Environment  
comments_image Comments

5 Reasons the Keystone Pipeline Is Bad for the Economy

Those concerned with jobs should keep in mind that the pipeline is as much a threat to our economy as it is to our planet.

Continued from previous page

 
 
Share
 
 
 

4. Poor and working people will be disproportionately affected: KXL and projects like it result in disproportionately negative impact on already struggling working families. According to a recent report by the Center for American Progress called “ Heavy Weather: How Climate Destruction Harms Middle- and Lower-Income Americans , lower-and middle income households are disproportionately affected by the most expensive extreme weather events. Sixteen states were afflicted by five or more extreme weather events in 2011-12. Households in disaster-declared counties in these states earn $48,137, or seven percent below the U.S. median income.

5. Building the sustainable economy, not the Keystone pipeline, will create far more jobs: Our nation is in desperate need of jobs. Approving the Keystone pipeline locks our nation into a trajectory of guaranteed job loss and threatens the stability of the US economy. Why keep the “job-killing” course, when the alternative-energy path is already out-performing other sectors of the economy. For example, the solar industry continues to be an engine of job growth — creating jobs six times faster than the overall job market. Research by the Solar Foundation shows a 13 percent growth in high-skilled solar jobs spanning installations, sales, marketing, manufacturing and software development — bringing total direct jobs to 119,000 in the sector. And according to the Political Economy Research Institute at the University of Massachusetts–Amherst, investment in a green infrastructure program would create nearly four times as many jobs as an equal investment in oil and gas.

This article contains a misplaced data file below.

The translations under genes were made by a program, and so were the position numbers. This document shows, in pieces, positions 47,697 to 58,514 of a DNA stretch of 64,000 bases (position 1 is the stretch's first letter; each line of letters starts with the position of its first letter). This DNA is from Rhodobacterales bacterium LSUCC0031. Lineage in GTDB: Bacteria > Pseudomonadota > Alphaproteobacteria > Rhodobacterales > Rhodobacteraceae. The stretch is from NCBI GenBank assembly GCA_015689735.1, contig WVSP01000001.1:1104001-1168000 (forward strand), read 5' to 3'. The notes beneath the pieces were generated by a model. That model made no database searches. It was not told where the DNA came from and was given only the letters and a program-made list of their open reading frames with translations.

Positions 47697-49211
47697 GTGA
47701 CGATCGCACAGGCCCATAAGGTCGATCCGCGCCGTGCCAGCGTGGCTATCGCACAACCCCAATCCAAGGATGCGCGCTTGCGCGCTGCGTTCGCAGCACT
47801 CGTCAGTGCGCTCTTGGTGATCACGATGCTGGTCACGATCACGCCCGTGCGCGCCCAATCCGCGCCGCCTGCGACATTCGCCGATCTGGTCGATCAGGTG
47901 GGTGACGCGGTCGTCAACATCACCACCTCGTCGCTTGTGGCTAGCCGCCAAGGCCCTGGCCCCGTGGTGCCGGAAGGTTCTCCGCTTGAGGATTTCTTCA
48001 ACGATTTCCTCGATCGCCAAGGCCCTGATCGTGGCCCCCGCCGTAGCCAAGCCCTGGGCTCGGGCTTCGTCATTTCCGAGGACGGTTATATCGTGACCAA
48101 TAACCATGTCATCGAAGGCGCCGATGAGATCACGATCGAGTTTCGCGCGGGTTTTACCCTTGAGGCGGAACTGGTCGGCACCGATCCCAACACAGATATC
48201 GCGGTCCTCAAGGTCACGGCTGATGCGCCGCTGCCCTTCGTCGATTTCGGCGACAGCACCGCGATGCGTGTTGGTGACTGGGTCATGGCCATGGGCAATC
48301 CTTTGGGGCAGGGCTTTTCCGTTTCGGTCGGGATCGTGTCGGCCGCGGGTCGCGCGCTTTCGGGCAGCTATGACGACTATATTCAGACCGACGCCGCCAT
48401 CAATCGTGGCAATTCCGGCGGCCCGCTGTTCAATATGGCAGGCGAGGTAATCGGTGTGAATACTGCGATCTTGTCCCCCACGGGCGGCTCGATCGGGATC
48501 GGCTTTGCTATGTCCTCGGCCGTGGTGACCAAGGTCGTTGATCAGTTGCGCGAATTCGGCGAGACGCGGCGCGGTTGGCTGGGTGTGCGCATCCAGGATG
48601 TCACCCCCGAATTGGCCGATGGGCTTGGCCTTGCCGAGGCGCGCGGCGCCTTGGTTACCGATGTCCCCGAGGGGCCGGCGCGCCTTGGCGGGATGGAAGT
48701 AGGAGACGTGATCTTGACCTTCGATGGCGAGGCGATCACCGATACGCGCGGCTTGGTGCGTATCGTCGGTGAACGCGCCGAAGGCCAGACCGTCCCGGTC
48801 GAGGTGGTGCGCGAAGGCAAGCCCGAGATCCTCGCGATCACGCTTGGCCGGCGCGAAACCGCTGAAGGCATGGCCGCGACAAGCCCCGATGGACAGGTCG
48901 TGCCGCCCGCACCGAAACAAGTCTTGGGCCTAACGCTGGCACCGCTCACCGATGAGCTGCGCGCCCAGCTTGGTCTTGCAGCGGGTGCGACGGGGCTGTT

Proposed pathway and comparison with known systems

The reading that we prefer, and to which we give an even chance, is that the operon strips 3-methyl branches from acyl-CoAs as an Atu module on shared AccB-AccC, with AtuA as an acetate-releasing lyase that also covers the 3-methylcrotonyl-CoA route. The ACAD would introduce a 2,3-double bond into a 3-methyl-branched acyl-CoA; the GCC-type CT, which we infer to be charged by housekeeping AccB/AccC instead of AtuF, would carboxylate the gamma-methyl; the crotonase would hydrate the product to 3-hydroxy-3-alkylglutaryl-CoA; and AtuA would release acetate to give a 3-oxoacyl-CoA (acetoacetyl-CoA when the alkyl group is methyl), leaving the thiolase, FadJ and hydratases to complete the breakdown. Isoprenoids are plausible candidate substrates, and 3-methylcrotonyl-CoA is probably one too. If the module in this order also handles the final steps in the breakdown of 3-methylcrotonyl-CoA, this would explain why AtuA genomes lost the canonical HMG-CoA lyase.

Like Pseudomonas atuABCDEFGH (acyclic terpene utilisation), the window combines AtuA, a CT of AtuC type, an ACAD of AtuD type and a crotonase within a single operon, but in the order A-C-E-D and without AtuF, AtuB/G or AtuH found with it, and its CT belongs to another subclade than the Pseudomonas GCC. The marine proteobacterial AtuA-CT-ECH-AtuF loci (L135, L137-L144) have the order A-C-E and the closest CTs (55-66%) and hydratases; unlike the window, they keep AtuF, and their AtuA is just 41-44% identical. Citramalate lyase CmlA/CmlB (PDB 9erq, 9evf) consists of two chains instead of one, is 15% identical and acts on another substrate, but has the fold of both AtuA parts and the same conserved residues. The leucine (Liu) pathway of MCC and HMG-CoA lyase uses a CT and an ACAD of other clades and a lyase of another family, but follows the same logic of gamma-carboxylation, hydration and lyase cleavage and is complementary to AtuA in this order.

A study by Synapse Energy Economics developed a Transition Scenario for the electric power industry based on reducing energy consumption, phasing out high-emission power plants, and building new, lower-emission energy facilities. The study estimated the number of “job years” — one new worker employed for one year — that would be created by the Transition Scenario over a decade:

  • 444,000 job-years for construction workers, equivalent to 44,400 construction workers working full time for the entire decade.
  • 90,000 job-years for operations and maintenance workers, equivalent to about 9,000 full time workers employed over the decade.
  • 3.1 million indirect jobs for people designing, manufacturing, and delivering materials and jobs in local economies around the country induced by spending by workers hired in the Transition Scenario.

Organized labor is right to demand that public policy pay attention to our desperate need for jobs. But the Keystone XL pipeline will only make our jobs crisis worse by making our climate crisis worse. Plus, there are lots of pipelines that need fixing. Construction workers can be put to work rebuilding our crumbling natural gas transmission pipeline system — this will create good union jobs and cut carbon emissions. And these same workers can rebuild our crumbling water infrastructure. If labor is going to fight for jobs, let’s fight for jobs that build the future we want for ourselves and our children, not ones that will destroy that future.

 

Brendan Smith is co-founder of the Labor Network for Sustainability .

 
See more stories tagged with: